Just like a battery heats up when a current of electricity passes through it, so do a healer’s hands — and after the distance healing lesson, Danielle, Lynn, Terri and Kristin trade anecdotes about the intense heat and sweating they experience during and after a particularly charged session. Kristen tells the others about a Reiki master at the Philadelphia “shares” — the monthly communal sessions of giving and receiving Reiki — that she attends, who would have to take her metal rings off before giving Reiki because they would overheat and leave burn marks on her client’s bodies. Terri’s no stranger to the feeling either, adding that she felt her forehead and stomach burning at her latest session. “There was so much tingling in my third eye, my face,” she says, clutching her abdomen. “I felt so grounded, like I was being pulled back into the table.”
Soon, Danielle calls the class to order and asks if her students are ready to give Reiki once more. This time, it will be to me.
With a bit of trepidation, I enter the room previously occupied by Kristin. It’s bare except for a small, elevated bed and a drawer full of healing oils and perfumes. Before I lie down, Terri asks me if I’d prefer for her to touch or just hover over my body parts in need of healing. I ask her to hover and tell her that my back’s been pretty sore lately. I hear her rambling on about starting at my head chakra just before I shut my eyes and enter a deep, calm reverie.
For the next twenty minutes, I feel the heat emanate from Terri’s hands as she mutters above me. “The spirits are telling me to come back to the right side of your back,” she whispers. “I don’t know why but I just feel drawn to it, so I’m going to spend more time there…”
That’s when I feel it: a soft, pitter-pattering pressure on my lower back, weightless but distinctly punctuated, like falling raindrops. I immediately assume it’s Terri’s fingers, but I don’t feel the force of a hand behind them. Then, a gentle wave of some nameless sensation courses down my spine and seems to lift off the outer layer of my thighs, my legs, my skin. It is at this point that my initial skepticism flounders, grasping at some sort of explanation for a few seconds before succumbing to the overbearing urge to sleep.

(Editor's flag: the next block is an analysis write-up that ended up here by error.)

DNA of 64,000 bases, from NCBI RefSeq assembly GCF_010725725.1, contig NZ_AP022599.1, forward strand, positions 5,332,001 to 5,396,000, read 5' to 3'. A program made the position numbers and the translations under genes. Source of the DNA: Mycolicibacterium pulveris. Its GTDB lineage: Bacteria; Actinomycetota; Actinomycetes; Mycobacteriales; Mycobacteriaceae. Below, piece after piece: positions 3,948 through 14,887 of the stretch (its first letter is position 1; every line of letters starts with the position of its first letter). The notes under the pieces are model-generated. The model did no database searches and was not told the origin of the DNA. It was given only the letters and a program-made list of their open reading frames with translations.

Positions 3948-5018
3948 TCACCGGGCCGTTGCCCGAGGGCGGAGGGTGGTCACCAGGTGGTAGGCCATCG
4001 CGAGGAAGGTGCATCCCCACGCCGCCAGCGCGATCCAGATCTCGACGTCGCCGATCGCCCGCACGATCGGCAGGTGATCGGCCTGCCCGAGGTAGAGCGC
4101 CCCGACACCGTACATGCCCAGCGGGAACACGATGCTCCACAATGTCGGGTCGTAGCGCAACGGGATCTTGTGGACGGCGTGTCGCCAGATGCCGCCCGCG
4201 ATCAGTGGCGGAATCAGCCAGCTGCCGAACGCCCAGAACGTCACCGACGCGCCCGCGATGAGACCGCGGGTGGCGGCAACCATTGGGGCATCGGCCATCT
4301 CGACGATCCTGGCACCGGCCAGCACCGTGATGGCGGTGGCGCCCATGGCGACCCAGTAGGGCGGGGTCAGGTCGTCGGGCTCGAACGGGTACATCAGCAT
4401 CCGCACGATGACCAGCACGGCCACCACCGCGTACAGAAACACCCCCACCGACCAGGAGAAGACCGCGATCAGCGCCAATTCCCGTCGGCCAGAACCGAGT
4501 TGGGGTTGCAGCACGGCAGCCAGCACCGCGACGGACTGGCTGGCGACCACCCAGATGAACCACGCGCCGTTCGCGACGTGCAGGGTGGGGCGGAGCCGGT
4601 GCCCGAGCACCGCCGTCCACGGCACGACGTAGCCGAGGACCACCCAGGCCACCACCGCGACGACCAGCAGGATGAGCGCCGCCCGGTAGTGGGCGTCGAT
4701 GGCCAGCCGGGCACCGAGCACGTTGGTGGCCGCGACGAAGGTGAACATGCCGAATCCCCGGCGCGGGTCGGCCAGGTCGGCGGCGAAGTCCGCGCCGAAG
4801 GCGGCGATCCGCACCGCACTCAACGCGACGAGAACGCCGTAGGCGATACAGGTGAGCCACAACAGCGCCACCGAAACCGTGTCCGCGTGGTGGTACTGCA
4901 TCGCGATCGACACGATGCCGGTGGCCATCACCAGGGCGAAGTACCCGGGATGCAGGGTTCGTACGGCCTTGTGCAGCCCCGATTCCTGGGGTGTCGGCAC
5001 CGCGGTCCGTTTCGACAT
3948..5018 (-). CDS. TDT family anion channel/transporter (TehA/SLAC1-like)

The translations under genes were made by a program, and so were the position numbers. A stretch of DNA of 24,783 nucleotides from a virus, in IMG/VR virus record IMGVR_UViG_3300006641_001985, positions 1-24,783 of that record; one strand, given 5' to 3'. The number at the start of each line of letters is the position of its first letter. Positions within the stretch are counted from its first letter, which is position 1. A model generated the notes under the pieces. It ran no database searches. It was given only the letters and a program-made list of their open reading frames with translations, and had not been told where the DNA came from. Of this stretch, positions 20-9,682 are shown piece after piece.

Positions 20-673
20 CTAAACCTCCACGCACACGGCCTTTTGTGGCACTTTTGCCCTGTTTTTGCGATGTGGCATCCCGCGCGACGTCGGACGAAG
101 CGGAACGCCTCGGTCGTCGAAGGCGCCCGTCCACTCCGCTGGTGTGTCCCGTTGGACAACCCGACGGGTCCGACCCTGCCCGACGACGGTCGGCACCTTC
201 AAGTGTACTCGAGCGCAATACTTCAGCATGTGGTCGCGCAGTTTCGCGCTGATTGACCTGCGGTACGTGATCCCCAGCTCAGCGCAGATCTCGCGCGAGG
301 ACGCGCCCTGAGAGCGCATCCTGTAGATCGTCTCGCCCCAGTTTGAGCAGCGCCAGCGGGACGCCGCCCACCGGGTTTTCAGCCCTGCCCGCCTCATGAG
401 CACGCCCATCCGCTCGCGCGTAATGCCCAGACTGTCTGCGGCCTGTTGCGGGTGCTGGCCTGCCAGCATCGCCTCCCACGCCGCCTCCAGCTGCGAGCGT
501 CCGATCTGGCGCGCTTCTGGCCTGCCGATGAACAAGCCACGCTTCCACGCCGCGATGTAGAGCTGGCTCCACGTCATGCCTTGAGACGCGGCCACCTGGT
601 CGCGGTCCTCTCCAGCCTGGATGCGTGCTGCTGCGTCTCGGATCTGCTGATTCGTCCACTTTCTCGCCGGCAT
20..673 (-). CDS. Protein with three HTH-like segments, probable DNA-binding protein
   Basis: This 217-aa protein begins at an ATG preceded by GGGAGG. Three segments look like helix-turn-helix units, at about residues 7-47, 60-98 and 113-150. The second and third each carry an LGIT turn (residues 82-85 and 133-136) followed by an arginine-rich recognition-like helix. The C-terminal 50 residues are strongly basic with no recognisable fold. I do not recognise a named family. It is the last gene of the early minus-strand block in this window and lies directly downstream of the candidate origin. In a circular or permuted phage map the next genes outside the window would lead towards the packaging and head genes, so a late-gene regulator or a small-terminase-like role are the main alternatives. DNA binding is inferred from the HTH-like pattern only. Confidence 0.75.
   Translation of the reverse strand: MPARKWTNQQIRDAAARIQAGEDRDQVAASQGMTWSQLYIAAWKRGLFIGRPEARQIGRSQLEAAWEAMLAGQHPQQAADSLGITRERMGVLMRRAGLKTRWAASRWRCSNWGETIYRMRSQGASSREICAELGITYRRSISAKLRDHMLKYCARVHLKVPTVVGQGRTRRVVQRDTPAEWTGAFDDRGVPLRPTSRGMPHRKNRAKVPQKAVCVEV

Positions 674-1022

Ten minutes later, Terri wakes me up. When I tell her about the raindrops, she seems unsurprised. The tingling feeling, she assures me, is normal — and the power symbol she performed over the base of my spine, called Cho Ku Rei, would heal my back in the days to come.
Danielle hugs each of the Reiki masters-in-training as they leave the studio, then begins stuffing her belongings into a suitcase. As we walk to the train station together, she tells me that she’s about to take a four-hour trip back to where she lives in the middle of the woods, in State College, Pennsylvania. More traveling awaits her in January. She’ll head to North Carolina to teach her first Reiki courses in the South, spreading the tradition to another legion of the sick and injured, as well as those just looking for another way to access the spirit world.
By this point, my skepticism has returned, and on the train I ask her if she really believes in Reiki’s healing abilities. She explains that since Reiki is a complementary healing method that the truly ill pair with medicines and hospital visits, its efficacy can never be scientifically proven. But people continue to tell her they heal faster through Reiki, and 90 percent of her clients come to her through referrals. And the Reiki community, especially in Philadelphia, keeps on growing —despite the frequent inter-practitioner legal battles over who has claims to the practice.
“It works differently for everyone,” she concludes with a shrug. “All that matters is that you feel better. Did you?”
The question gives me pause, and I hesitate to answer. Meanwhile, we’ve arrived at Danielle’s stop. She pushes a stray dreadlock back under her bandana, adjusts her shawl and suitcase, and gets off the train and into the dark and windy night.